The Louvre, The MET, and The British Museum are three of the world’s most prestigious museums. Some of the most famous painters, sculptors, and other artists are featured in these world-famous galleries. Just like any institution, museums need logos – am image that definitively marks who they are. But what makes a good museum logo?
Fortunately, our graphic designers have created several of them. If you’re looking for inspiration, these museum logos will deliver.
What Makes a Good Museum Logo?
If you’re about to start a new museum, you might wonder how you might stand out from the rest. After all, many institutions have become icons in their own right. Even though you may exhibit amazing pieces, you need a simple, unique, relevant, and memorable logo to bring more visitors to your museum. But what’s considered a good museum logo?
- Imagery – Most museum logos would have a combination of pictorial and wordmark logos. You want something relevant to your museum’s name. For example, the logo of the Carnegie Museum of Natural History uses a dinosaur as the mascot of their museum. But some museums would use abstract images, like the Science Museum of Minnesota. They use a swirl as the image.
- Font – Font is another indicator of a good museum logo. Most museum logos would have serif fonts, like the Smithsonian and the Victoria and Albert Museum logos. However, you can use a sans serif logo to achieve a classy yet timeless look, like the Philadelphia Museum of Art and Australian Museum.
- Variation – One principle in logo design is versatility. You may have one main logo style, but your logo should also be available in different styles for other media or materials, such as websites, social media, brochures, and merchandise.
Top 10 Museum Logos
1. Grande Gallery
Get back to the basics like this logo for Grande Gallery. Most gallery logos would have primary colors (red, yellow, and blue). The color blocks symbolize the art pieces for visitors or even buyers to see. Plus, you’ll even see a silhouette of a person right in the G, viewing the art pieces. It’s rare to see people in gallery or museum logos, and it’s a great way to incorporate the human experience in viewing art in a logo.
2. Beaumont Cultural Center
If you want a simple yet eye-catching museum logo, here’s an example from Beaumont Cultural Center. Most museum logos would have thinner font weights indicating professionalism and relating to history. But if you want a logo that stands out, you can have a logo with rounded edges and bright colors indicating that anyone is welcome to your museum or cultural center.
3. Bliss Chocolate Museum
The Bliss Chocolate Museum is the first one on this list to show columns on their logo. Greek columns are a frequent visual in many museum logos, and it could indicate structure and that they’re housing different art and pieces for many visitors to appreciate. Going back to the Bliss Chocolate Museum logo, although they use the Greek column, they add a piece of chocolate on top of it, indicating that they serve or present chocolates and other sweets in their museum. Plus, the added brown motif further enhances the branding of their museum.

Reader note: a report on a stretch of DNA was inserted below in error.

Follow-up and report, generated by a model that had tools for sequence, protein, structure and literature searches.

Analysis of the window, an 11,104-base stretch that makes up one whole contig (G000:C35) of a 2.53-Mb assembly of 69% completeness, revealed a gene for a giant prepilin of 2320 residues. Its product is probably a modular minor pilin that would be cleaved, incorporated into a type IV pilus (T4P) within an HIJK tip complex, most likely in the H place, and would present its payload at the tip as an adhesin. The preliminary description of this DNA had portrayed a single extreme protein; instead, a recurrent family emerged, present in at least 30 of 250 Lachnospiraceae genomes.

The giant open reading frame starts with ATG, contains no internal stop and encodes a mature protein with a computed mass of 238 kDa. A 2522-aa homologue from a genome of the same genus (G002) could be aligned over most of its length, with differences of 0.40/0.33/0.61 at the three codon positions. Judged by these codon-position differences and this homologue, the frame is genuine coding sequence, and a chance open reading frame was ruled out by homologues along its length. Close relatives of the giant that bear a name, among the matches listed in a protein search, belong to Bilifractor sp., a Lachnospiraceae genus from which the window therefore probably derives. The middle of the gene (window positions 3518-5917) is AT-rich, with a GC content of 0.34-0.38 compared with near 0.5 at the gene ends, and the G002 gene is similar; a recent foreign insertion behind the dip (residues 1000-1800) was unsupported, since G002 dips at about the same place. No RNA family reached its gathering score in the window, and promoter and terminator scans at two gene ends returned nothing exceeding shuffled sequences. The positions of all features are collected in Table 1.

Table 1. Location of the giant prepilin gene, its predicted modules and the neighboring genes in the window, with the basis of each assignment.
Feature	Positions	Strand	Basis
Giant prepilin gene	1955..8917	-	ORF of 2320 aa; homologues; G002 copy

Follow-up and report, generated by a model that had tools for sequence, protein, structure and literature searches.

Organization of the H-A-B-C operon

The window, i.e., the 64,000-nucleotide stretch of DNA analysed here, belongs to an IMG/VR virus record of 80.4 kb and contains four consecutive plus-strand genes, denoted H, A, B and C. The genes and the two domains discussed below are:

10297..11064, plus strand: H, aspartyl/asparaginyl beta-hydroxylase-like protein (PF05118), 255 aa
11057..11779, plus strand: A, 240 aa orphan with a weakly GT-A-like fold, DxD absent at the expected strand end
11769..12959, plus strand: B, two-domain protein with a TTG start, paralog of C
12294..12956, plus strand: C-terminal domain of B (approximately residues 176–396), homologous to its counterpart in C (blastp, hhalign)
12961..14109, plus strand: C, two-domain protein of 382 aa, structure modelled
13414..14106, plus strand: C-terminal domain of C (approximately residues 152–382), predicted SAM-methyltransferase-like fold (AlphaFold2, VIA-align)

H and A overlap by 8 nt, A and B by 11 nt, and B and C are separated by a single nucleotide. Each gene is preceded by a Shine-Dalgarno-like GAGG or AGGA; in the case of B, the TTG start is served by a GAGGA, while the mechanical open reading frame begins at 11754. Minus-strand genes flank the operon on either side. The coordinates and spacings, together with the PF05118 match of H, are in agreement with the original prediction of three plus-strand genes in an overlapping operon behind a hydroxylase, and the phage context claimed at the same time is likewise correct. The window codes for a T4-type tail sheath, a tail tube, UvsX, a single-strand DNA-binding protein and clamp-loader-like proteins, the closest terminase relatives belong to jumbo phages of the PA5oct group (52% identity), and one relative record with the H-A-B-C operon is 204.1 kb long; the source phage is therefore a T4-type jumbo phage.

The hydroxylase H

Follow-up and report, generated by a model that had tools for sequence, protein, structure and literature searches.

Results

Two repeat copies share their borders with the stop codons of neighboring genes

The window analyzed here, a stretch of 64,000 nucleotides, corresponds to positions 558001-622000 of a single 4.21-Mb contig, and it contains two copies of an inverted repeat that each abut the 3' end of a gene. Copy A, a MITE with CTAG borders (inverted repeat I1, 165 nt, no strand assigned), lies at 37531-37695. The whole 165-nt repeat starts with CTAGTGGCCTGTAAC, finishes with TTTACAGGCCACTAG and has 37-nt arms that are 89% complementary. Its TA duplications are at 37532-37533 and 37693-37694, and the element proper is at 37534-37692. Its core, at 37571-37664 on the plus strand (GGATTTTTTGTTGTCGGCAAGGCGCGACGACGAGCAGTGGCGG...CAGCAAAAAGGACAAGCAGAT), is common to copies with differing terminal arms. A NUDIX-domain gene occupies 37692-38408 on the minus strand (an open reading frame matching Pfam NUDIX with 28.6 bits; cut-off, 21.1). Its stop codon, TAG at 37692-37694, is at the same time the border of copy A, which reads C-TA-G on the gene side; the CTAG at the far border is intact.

4. Museo Musico
If you need an example of a relevant and unique museum logo, check out this logo for Museo Musico. Instead of columns or a wordmark, they use sound waves to signify that their museum may show the history of music. Or they store historical pieces of music in their museum. In addition, the added blue and pink colors give them a bright vibe to represent a more modern museum.
5. The Royal Art Exhibition
If your museum will house royal art pieces or those pieces have royal influences, check out this logo for the Royal Art Exhibition. Immediately, you can see how regal it looks, from the color to the fonts. Purple and gold are associated with royalty, and those colors match each other perfectly. Even though the added crown is sufficient in demonstrating they are a royal museum, the laurels level it up, signifying honor and achievement.
6. Toussaint Jewelry Museum
Here’s another example of a logo combining a Greek column and symbol of their business. The Toussaint Jewelry Museum logo has a luxurious look, which you don’t see in most museum logos. And you can see in one glance that the jewels they may house in their museum are prestigious, luxurious, and elegant.
7. The Lacroix Art and History
If you want your museum as the symbol of history, check out this logo for the Lacroix Art and History. This custom logo design screams historical, all thanks to the Greek column. In addition, art is also represented with the illustration of a Greek figure using the structure as a crown. Not to mention, the serif font gives their logo a historical yet timeless look.
8. The Arch
Do you want to go for an unconventional logo? Take a look at this logo for The Arch. The typical letter lines are replaced by waves, giving them a distinctive look. Another thing to note here is the linking of the A and R stems, forming an arch and representing the museum name.
9. The Muse
If you want to incorporate the Greek column in your museum’s logo but you want it to look subtle, check out this logo for The Muse. Blue is rare in museum logos. However, it’s an excellent color to add, especially if your museum wants to be seen as a traditional or stable institution.
10. Waldorf Museum of Arts
Here’s another classy logo design for your museum. The Waldorf Museum of Arts logo has a simple yet elegant design with a posh museum vibe. Their w logo uses a yellow motif, and the green balances it out. Plus, instead of using the whole W, it used the white space to add a silhouette of a sculpture.
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